Fig 3
figure3

Elongation and the secondary buds from shoot base of an isolated shoot from an embryonic explant on hormone-free DCR medium. × 4.5

Fig 5
figure5

Adventitious shoot formation of cotyledons on DCR medium supplemented with IBA 0.5 mg/L, NAA 0.2 mg/L and GA3 0.05 mg/L. × 3.5

Fig 7
figure7

Adventitious shoot formation on hypocotyls on DCR medium supplemented with IBA 0.5 mg/L, NAA 0.2 mg/L and GA3 0.05 mg/L. × 3.5

Fig 8
figure8

Elongation of shoot bud induced on DCR medium containing BA 1.0 mg/L and NAA 0.05 mg/L after 6 weeks on DCR medium with 0.5% activated charcoal. × 4.3

After pulse treatment with 50-100 mg/L BA and two to three weeks culture on hormone-free DCR medium, 83% of the P. massoniana seedling explants had at least one elongated axillary bud. The growth and elongation of axillary buds were more rapid than adventitious buds induced on masson pine hypocotyls and cotyledons. Over 70% of the seedlings formed axillary and adventitious buds after 3-20 h pulse treatment, and the best response was obtained when explants were pulse-treated with BA for 6-9 h (Fig 9). Longer times of pulsing treatment may produce higher average number of buds per explant, but these do not elongate normally.

Fig 9
figure9

Bud development at the axils of cotyledons of masson pine after 9 h pulse treated of a 7-day-old seedling explant with 100 mg/L BA. × 3.7

2. Rooting

Rooting of woody species and especially conifers remains a limiting step for whole plant regeneration in vitro. In general, roots develop either directly from the stem or indirectly via a wound tissue. Some Pinus species can spontaneously develop roots directly from the stem, while others need an auxin treatment for rooting. IBA usually has a positive effect on rooting of conifer cuttings. For P. massoniana, IBA and NAA are required for direct or indirect root initiation.

The effect of auxins was dependent not only on the concentration but also on the length of treatment. In some cases, regenerated shoots were treated with IBA and NAA during the whole rooting period and the percentage of rooting and the number of roots per shoot were increased obviously. The fastest rooting and the highest rooting percentage (40.4%) were obtained with adventitious shoots from Fujian-A treated with DCR supplemented with IBA 1.0 mg/L and NAA 0.25 mg/L for about 6-8 weeks (Tab 4). Treatment with higher NAA concentration (5.0 mg/L) could produce some stronger roots, however, the percentage of rooting and the number of roots per shoot, in this case, were very low.

Table 4 IBA and NAA stimulation of rooting of Masson pine (Fujian-A) shoots from adventitious buds on DCR medium. Data were taken after 8 weeks.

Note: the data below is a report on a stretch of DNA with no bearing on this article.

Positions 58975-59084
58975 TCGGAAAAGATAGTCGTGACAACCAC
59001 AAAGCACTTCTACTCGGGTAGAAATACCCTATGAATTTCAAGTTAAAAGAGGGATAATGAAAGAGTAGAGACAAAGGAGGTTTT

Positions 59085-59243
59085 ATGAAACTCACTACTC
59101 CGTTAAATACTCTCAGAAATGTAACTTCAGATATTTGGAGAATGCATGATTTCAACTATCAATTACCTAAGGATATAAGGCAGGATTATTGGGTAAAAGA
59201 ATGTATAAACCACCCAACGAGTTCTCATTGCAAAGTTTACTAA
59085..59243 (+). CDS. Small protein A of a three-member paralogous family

Roots were visible to the naked eyes after 35 days. The mean number of roots formed was 1-2.6 per shoot, with the highest 7 roots per shoot. Most roots were about 0.5-1 cm in length, and only a few of them reached 2-4 cm. Numerous lateral roots were present during the whole rooting process (Fig 10, 11).

Fig 10
figure10

Plantlets with one (10) to four (11) elongated roots on adventitious shoots derived from bud induction DCR medium containing BA and NAA. 10: × 0.9, 11: × 2.3

Fig 11
figure11

Plantlets with one (10) to four (11) elongated roots on adventitious shoots derived from bud induction DCR medium containing BA and NAA. 10: × 0.9, 11: × 2.3

Abbreviations

BA:

N6-benzyladenine

DCR:

Douglas-fir cotyledon revised medium

GA3:

gibberellin

IBA:

indole-3-butyric acid

MS:

Murashige-SKoog medium

NAA:

α-naphthalene-acetic acid

SH:

Schenk and Hildebrandt medium

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Acknowledgements

The authors wish to express appreciation to Dr. XU Nong and Prof. HUANG Minren in Nanjing Forestry University for their kind supply of masson pine seeds used in these experiments and their useful suggestions.

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*This work was supported by the National Scientific and Technological Key Projects of the “Eighth Five-Year Plan” of China grant No. 85-722-07-04.

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Huang, J., Wei, Z., Zhou, W. et al. Plantlet regeneration from mature zygotic embryos and embryonic explants of masson pine (Pinus massoniana Lamb.). Cell Res 4, 155–162 (1994). https://doi.org/10.1038/cr.1994.16

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Keywords

  • Pinus massoniana Lamb.
  • DCR medium
  • mature zygotic embryos
  • embryonic explants
  • plantlet regeneration